Today I received three pieces of mail. One from a very old lady in England, a family member, reacting with pleasure to a Christmas letter I wrote her. Another was a package from Russia that I had to wait a half hour in the Post Office to get, amidst a group of septuagenarians, including the employees! God it was slow. Anyway, the envelope contained copy of West End Girls Goes Petshopping sent to me by a man in Moscow. Then I got to work, late of course, to find a DVD was sitting my desk: A Life In Pop, the Pet Shop Boys documentary. Tonight I’ve been watching it and thinking how much I love this band and how much their music has been a part of my life.
My relationship to PSB has not been linear - I didn’t even like West End Girls when it came out, though I would sing along with it. It's a favorite now, but it took awhile. I do remember, however, sitting in my freshman dorm room listening to a cassingle of What Have I Done To Deserve This and thinking it was the greatest pop song ever written. Well, I always think this with a new song, and honestly that one has never worn out for me. The final minute, with its layers of sound and Dusty’s “we don’t to fall apart, we don’t have to fight” used to give me chills and still does.
I have never taken a recreational drug in my life, literally. For awhile it was out of some pointless stance and now because the occasion never arises. I have never smoked one joint and in college I was never drunk. “Drunk” to me now is just an extra glass of wine and a certain giddiness. Get me tipsy and I’ll give you too much information about a sexual experience [edit! censored!]. That’s as altered as it gets. There's never been any real desire to lose touch with reality via substances.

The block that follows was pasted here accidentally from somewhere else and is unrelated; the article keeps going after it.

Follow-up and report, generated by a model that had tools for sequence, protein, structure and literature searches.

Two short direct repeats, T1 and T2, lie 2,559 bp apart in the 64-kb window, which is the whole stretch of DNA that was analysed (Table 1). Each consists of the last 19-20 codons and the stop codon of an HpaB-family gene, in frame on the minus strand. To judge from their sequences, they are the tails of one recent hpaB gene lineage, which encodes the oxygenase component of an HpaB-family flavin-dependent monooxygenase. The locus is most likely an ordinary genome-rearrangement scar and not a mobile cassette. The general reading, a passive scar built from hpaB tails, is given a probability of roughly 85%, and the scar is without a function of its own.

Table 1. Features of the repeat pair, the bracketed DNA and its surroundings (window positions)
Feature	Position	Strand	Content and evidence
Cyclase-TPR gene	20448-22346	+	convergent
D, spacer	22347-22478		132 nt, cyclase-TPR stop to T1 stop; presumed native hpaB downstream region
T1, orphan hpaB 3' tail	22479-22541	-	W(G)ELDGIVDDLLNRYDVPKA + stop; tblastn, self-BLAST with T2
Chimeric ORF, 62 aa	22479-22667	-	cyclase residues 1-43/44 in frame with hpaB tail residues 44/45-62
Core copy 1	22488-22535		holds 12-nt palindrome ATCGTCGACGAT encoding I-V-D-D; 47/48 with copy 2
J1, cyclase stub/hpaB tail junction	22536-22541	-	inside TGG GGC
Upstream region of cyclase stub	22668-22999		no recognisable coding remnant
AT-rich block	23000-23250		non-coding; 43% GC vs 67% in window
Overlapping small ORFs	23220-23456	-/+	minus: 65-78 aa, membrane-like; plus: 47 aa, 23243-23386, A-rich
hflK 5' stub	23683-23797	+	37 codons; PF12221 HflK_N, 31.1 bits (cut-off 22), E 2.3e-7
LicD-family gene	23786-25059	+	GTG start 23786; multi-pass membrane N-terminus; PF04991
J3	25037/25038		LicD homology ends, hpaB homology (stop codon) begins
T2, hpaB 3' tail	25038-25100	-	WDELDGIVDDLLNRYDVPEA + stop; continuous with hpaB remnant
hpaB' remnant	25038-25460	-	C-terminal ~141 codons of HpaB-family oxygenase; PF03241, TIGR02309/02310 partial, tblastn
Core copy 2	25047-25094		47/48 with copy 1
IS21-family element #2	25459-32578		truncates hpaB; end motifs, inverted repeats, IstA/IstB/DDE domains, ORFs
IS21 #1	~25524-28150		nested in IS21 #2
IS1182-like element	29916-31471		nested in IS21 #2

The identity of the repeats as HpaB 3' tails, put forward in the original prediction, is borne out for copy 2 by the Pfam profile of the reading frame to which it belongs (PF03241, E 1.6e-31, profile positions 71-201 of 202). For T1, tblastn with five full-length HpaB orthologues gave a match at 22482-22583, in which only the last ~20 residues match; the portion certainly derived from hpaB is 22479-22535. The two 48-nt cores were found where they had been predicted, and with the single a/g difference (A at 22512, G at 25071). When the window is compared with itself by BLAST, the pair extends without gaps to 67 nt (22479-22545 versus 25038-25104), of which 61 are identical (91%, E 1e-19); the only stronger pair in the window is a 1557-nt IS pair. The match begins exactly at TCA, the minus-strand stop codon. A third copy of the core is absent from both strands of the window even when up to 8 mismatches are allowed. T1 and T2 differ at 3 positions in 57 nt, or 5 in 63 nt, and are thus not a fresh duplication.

Music, however, is my drug. I use it every day of my life as a way to manipulate my own emotions. Sometimes my mood dictates a song that will lift me up, other times I want to push the moroseness further. I want to feel soft, hard, whatever. The melancholy of a song about failed love, for instance, played on the Walkman or now the iPod. I could have a “relationship” with someone I was watching on the Metro, from start to finish, station to station. By the time I get off the train, the song has ended and we have broken up, this stranger and I.
I’m not alone in this, am I? That’s a statement more than a question. I relate to people who share this way of life. Sometimes I find that I can go a bit numb in serious emotional situations. Shock maybe, so I pick a song that will pull my emotions up and out. I’m really lucky to have that and I believe many people who read this blog know what I mean. It’s very personal at one moment and can become very communal in others. Music could be a capsule, an inhalation, liquid sloshing against ice in a glass, but it never hurts me.
I kept trying to add another sentence so the one just above would not seem so overwrought, but nothing fit. So be it! Carry on!
PS: I love the part of the video above at 2:17 where Chris Lowe is between the curtains and he takes a few spinning leaps.